MAR’s top three concerns revealed

Author: Tom Young | Published: 2 Feb 2017

European market participants are still wrestling with fundamental aspects of the Market Abuse Regulation (MAR) almost eight months after it became effective.

Introduced on July 3 2016, MAR is intended to stamp out market malpractice, including insider dealing. Replacing the previous Market Abuse Directive, it affects most market participants, including banks, funds, investment firms, and the majority of EU issuers.

But its first few months have not been smooth. Here, issuers and underwriters counsel reveal how they are struggling with insider lists, labelling of inside information and finding consistency on market sounding.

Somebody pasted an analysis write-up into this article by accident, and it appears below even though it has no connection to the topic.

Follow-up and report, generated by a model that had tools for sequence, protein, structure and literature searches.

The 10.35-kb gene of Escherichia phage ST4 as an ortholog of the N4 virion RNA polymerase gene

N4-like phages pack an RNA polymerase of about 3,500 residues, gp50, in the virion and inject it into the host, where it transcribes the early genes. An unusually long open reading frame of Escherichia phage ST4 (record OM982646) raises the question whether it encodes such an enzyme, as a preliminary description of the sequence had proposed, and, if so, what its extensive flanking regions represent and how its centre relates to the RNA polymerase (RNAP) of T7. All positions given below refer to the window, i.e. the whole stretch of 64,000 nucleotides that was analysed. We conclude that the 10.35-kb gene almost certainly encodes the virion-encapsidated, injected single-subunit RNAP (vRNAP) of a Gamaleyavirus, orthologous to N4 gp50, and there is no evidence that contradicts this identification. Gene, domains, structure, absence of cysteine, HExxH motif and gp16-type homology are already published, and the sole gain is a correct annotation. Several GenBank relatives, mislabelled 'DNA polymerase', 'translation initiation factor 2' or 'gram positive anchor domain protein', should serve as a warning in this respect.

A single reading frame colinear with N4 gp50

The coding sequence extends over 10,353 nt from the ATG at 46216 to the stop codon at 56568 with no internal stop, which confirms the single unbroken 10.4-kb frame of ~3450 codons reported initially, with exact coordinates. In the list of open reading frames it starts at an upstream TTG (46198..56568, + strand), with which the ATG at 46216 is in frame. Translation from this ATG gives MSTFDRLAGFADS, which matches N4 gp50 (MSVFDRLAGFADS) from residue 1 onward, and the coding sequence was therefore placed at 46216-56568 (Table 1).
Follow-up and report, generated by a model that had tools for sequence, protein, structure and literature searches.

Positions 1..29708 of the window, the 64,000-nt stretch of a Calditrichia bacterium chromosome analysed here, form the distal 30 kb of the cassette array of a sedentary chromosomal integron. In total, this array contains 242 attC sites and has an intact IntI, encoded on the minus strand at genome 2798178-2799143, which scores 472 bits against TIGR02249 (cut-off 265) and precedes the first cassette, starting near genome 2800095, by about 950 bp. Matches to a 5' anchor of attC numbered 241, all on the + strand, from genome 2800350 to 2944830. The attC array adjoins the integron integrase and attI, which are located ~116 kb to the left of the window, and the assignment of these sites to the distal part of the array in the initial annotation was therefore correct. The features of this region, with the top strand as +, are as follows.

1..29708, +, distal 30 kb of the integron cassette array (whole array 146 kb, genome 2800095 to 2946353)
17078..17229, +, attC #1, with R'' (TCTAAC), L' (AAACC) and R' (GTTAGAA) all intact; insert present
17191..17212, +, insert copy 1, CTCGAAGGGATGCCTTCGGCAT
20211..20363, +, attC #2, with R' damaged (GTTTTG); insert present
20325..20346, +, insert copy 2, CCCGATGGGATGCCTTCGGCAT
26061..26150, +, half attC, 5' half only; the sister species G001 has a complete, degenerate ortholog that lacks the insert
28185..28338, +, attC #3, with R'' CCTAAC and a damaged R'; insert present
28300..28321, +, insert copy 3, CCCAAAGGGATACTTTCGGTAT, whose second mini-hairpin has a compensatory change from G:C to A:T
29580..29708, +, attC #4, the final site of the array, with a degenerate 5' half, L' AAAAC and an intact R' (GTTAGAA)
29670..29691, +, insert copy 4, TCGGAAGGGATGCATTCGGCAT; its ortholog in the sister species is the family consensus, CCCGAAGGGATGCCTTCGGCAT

Insider lists


One of the key provisions under MAR is an enhanced requirement to maintain insider lists, which now extends to companies listed on exchange regulated markets.

Under the rules issuers, or those acting on their behalf, must prepare a list of all those with access to inside information and update it when required, stating the date and...


 

 

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